Aimlessly Going Forward

blog by Tomas Sedovic


This is my response to the call for Rust community blog posts.


I use Rust to write simple computer games as a hobby. I'm not a professional or even an experienced game developer. The reason I picked up Rust is because I wanted something that:

  1. Produces executables you can run without having to install additional runtimes such as the JVM or the Python or Ruby virtual machines
  2. Integrates well with C (in both directions) for the libraries or system calls I end up having to do
  3. Is pretty fast
  4. Isn't C or C++

Rust has worked really well for me on all those counts.

My code has been generally really stable (no null pointer exceptions \o/, almost no segfaults) and fast (I didn't have to think about optimizing my code yet).

In the last year, the language has been really stable as well. The libraries I ended up using less so.

Stable gamedev libs

So my main wish would be stabilization of the basic libraries for game development. Since that can mean different things for different people, in my particular case it's:

Especially gfx and glutin upgrades tended to cause some friction.

I'm extremely happy that bitflags and serde both hit 1.0 this year, though!

For the record, I'm mostly interested in libraries written in pure Rust because it makes it easier to run and distribute the code.

As a bit of a pipe dream, I'd love to see a stable pure Rust ggez.


Most of the stuff I wish for in Rust/Cargo already exists in some manner on nightly:

All of these solve a pain point I keep running into, but impl Trait disproportionately so. It's the only reason I'm currently on nightly.

There's a few additional proposed changes that I'm quite keen on, but they're much of a lesser deal for me personally.

Those are:


For me, this came out nowhere and has been amazing. I was able to run Dose Response in a web browser with a relative ease. And that web version was played and enjoyed by someone who would probably never download the binary.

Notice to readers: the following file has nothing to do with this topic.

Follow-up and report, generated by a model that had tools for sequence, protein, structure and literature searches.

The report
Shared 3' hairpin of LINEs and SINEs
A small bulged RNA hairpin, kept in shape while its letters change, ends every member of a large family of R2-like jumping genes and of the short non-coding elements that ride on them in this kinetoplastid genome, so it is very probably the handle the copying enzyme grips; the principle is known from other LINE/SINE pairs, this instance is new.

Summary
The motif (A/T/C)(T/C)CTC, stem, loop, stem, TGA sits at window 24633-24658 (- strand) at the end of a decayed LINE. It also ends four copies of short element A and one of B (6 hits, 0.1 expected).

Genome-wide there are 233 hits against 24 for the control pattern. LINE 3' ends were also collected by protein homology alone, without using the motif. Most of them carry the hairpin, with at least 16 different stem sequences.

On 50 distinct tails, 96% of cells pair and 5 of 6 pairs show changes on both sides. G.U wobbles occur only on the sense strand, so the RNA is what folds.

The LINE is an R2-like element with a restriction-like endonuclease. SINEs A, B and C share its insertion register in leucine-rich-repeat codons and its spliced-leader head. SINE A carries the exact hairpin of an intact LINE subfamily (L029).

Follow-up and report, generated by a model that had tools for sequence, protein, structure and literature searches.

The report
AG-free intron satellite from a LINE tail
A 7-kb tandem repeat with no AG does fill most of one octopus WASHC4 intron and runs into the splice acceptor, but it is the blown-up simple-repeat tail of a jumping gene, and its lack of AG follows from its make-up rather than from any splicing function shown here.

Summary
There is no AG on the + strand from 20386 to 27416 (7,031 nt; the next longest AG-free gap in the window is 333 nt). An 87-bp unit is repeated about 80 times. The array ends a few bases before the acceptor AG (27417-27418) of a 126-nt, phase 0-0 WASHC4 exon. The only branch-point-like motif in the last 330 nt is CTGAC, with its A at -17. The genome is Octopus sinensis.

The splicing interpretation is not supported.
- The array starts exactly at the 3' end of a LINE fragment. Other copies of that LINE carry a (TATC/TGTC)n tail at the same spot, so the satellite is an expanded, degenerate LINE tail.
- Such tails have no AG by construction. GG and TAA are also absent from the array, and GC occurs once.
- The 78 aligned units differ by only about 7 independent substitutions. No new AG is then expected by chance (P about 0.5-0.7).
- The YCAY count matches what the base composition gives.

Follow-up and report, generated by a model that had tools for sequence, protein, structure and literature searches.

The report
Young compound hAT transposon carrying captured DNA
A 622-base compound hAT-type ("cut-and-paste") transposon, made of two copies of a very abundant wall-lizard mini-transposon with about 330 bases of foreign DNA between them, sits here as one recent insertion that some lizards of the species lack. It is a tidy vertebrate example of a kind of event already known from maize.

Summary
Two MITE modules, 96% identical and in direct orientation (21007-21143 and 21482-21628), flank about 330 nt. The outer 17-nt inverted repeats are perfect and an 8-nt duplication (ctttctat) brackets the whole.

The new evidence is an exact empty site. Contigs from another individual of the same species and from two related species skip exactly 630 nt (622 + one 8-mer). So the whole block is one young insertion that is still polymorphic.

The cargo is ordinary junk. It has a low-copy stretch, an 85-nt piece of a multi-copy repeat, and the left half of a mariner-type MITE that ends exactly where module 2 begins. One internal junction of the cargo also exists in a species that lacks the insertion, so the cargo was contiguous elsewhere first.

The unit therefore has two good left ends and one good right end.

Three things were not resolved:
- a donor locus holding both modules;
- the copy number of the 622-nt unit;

WebAssembly lowers the barrier of entry to new players and that is something I am incredibly excited about. My initial desire for a language that compiled to native binaries and subsequently, using only pure-rust libs serves the same goal.

Anything that will make wasm nicer will be awesome, but honestly, I'm thrilled with what we've got. It feels absolutely insane that I can just compile this language that's basically the opposite of JavaScript and it's running in the browser.

That said, wasm being available on stable with better debugging (showing stacktraces or at least where in the code did a panic occur) would be top.

Give me a transparent println! -> console.log and I'm dancing with joy.

Cross compilation between the major platforms

I wish I could do the same for Mac and Windows that I can with WebAssembly. That is, add a target via rustup and produce binaries that run on windows and mac (from linux).

I believe it is actually kind of sort of possible to do this, but it involves installing a ton of packages I don't know and adding configuration I don't understand.

I'm currently using trust along with Travis CI and AppVeyor to build the binaries, but I really wish I didn't have to do that.

I wish we could just spit out windows, mac and linux binaries from any of windows, mac or linux.

Unknowable types

So this is coming out of my hazy memory from months ago and may in fact be working fine now.

Some of the libraries I use (mostly the graphics and windowing ones) sometimes use pretty hairy types where I can't really figure out which type to write out when I have to.

E.g. I start writing something like this in main:

let mut resource = some_crate::generate_resource();

and then use it. But resource does not have a simple type like Vec<u8> but something involving a ton of wrapped structs, type parameters and lifetimes. Which is not a problem at all because of type inference.

Until you decide to wrap that into a struct at which point you have to explicitly name it and that's where I got stuck more than once.

One would think that you could just copy & paste the type the compiler says it expects, but did not work for me.

So being able to either have a way to opt into a type inference for the struct fields or have a way of getting the exact string one needs to pass in to have things compile would be fantastic.

Like I said, maybe this works well already, been a while since I checked. And sorry for not showing a concrete example here, I can't produce one right now.

Parting words

I'm really happy with the state Rust is in. As long as we keep the stability promise, I'm optimistic about the future. I keep being pleasantly surprised by the core team as well as the wider community.

Everything else here is just a cherry on top.

Thanks everyone! \o/

Tomas Sedovic on 10 January, 2018